With the rise of national standards and an increase of accountability in both the US and Canada, some began to wonder how much our identities as Christian schools were driven by the wrong outcomes. What was our hope for our graduates?
It is a risk to try new things, to move in new directions, to love that deeply. But we have reached a time in history where by not innovating we are running a greater risk than staying our current course. Dan Beerens and Erik Ellefsen, MindShift: Catalyzing Change in Christian Education Since the financial crisis of 2007-2008, Christian schooling in … Read More
The time period from the mid-1980s through approximately 2010 saw Calvinist/Reformed Christian educators further define and apply their approach to educating Christianly in response to a changing world. During these years, movement leaders sought to define both what being Reformed means and the essence of Calvinist/Reformed day school education.
In this post we will delve into the philosophical and curricular aspects of the movement, highlighting key individuals, particularly from the years leading up to the early 1990s. One could make an argument that these years were a key time in the Calvinist Christian day school movement in terms of articulating belief, uniting around a philosophical direction and identity, and at the same time assessing the effectiveness of the movement as leaders looked to the future.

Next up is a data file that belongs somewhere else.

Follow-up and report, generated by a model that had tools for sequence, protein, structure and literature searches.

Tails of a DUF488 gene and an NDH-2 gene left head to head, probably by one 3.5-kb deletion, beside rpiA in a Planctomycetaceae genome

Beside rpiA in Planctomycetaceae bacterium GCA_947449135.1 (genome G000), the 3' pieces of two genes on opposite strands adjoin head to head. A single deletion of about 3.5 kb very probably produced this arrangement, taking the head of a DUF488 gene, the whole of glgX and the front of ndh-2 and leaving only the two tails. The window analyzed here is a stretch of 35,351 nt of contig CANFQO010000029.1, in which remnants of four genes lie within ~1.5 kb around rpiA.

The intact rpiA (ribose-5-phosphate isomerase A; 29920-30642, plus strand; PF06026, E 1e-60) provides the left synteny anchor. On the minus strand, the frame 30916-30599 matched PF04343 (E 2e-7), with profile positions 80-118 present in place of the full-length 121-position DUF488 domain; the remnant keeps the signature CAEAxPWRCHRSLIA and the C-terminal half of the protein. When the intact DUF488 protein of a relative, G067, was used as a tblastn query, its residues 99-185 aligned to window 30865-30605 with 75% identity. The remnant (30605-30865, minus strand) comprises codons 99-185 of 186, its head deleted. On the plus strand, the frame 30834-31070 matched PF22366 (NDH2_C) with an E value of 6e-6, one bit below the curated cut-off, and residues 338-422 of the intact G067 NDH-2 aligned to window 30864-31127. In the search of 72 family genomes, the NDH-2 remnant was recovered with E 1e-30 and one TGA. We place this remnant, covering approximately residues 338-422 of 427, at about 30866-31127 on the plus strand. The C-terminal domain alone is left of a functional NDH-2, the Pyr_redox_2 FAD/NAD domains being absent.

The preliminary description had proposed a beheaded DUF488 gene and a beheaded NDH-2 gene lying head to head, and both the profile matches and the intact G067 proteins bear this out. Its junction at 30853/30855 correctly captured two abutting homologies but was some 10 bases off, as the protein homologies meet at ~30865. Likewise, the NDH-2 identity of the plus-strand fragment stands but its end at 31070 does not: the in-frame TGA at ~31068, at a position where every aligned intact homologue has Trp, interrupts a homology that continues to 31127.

In fall of 2021, CACE invited a group of 70+ educators to Washington, D.C. We met at the Museum of the Bible for a two-day conference on the history and ongoing impact of Reformed Calvinist K-12 day school education. It was a time of remembering, appreciating, and evaluating the history of this movement and considering how it may continue to impact Christian education in North America. Hence the title for this ten-part blog series comes from the conference title: “Celebrating the Past, Imagining the Future.”